Bridgepoint Funding – Summary

Getting a mortgage on a condo is different than getting a mortgage on any other type of residential property: condos are harder.

They are harder because they are riskier. They are riskier because lenders don’t have to worry only about two entities only (borrower and property used as collateral); they have to worry about those + the common areas, the home owners’ association and the other unit owners. Bridgepoint Funding

And there’s nothing a different mortgage broker or lender’s loan officer can do to change that.

Would-Be Borrower Bob Looks for a Centennial Mortgage Broker

Let’s say borrower Bob wants to buy a condo in Littleton, just south of Denver. He looks for a mortgage broker in Littleton or one in Centennial. No matter which one Bob chooses, his mortgage broker, to give him the best rate, will want to get him a conventional, conforming loan.

If that’s not possible, this Centennial mortgage broker (Yes, we’re making Bob pick the Centennial mortgage broker: she’s got more good reviews on Yelp than the other ones plus I named this section “Would-Be Borrower Bob Looks for a Centennial Mortgage Broker.”) will try to get Bob an FHA loan before trying any other kind of loan: they’re cheaper (i.e., they come with lower interest rates).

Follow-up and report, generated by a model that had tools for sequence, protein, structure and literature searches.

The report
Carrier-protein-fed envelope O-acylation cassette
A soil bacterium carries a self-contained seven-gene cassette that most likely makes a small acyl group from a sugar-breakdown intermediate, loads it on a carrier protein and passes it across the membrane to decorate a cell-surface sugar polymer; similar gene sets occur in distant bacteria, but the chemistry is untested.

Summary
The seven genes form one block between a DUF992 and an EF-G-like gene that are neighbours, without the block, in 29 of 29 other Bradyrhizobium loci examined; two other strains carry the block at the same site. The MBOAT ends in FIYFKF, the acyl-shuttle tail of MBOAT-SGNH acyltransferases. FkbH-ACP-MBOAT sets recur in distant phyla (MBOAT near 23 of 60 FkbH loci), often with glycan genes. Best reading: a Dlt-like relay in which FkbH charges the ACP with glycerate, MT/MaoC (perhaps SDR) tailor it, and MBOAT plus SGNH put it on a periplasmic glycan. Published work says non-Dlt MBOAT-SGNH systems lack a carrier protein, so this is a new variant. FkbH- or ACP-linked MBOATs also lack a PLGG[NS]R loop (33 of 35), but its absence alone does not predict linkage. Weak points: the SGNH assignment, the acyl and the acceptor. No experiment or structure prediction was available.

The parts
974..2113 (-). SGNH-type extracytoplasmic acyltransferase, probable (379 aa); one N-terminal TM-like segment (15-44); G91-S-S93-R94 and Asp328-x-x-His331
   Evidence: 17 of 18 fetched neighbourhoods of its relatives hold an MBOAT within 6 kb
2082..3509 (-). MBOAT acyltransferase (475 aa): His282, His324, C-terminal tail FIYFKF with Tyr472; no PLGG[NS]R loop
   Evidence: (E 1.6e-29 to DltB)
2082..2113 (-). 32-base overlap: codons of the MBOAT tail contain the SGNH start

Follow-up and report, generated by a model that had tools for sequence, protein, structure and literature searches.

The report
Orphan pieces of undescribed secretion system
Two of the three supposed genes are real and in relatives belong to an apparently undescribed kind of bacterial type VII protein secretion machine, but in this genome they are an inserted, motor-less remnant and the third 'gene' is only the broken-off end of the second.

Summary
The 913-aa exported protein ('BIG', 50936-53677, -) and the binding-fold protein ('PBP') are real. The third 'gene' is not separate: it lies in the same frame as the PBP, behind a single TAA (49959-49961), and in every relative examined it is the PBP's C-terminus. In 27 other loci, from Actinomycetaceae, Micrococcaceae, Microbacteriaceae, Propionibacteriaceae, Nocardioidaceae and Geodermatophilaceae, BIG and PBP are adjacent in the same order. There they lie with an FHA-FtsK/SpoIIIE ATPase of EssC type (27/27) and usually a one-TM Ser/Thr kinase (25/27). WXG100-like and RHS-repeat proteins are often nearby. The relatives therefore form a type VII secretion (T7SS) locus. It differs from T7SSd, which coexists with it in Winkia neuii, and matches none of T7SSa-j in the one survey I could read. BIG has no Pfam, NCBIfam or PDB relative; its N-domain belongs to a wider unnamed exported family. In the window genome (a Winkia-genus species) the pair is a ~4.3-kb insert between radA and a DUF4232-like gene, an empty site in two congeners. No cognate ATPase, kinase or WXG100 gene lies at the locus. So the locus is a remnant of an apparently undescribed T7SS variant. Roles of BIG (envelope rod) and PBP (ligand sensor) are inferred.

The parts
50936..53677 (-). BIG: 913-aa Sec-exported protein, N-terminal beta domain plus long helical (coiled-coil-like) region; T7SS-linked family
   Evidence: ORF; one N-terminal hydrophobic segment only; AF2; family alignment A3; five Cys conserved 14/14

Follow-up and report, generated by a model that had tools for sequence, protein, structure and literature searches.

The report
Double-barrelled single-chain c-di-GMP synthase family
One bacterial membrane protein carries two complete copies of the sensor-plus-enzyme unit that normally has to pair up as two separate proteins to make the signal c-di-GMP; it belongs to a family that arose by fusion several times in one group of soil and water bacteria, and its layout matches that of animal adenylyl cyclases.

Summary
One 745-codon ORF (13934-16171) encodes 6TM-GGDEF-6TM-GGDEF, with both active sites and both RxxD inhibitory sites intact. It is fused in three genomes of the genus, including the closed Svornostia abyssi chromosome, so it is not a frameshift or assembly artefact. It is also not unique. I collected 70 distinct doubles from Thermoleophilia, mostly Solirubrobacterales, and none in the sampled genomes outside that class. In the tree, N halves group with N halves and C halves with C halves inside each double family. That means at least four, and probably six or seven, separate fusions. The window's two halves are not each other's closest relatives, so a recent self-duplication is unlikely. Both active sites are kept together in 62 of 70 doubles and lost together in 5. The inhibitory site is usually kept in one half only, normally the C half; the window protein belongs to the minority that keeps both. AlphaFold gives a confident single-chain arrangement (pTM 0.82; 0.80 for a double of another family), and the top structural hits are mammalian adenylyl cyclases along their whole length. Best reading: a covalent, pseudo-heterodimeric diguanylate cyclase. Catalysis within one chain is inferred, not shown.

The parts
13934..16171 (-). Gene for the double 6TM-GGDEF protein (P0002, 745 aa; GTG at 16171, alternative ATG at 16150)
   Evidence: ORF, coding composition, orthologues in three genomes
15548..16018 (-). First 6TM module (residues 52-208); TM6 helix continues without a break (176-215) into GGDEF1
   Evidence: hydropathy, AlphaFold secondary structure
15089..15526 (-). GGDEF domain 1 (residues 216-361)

Conforming conventional loans are loans that Fannie Mae or Freddie Mac would purchase. FHA loans are loans that the FHA would insure.

The first thing to keep in mind is that it is a lot harder to get an FHA condo approval than a conventional, conforming one: the FHA will insure condo mortgages only on units that are part of an approved project or if someone spot-approves the unit (takes time, effort, and can cost money too) and their approval project is harder and it costs money to remain approved, so few projects stay approved.

So, the first thing people who’re looking to buy or refinance a condo unit is to determine whether they qualify for a conforming conventional loan or not.

Or if the mortgage broker or lender they’re working with can do non-warrantable condos. (Non-warrantable condos is how the mortgage industry calls condo units that don’t fit the criteria of Fannie Mae, Freddie Mac or FHA.)

Non-warrantable condo mortgage loan programs have looser qualifying criteria but they still have qualifying criteria. Borrowers should make sure that their un-warrantable condo matches that criteria.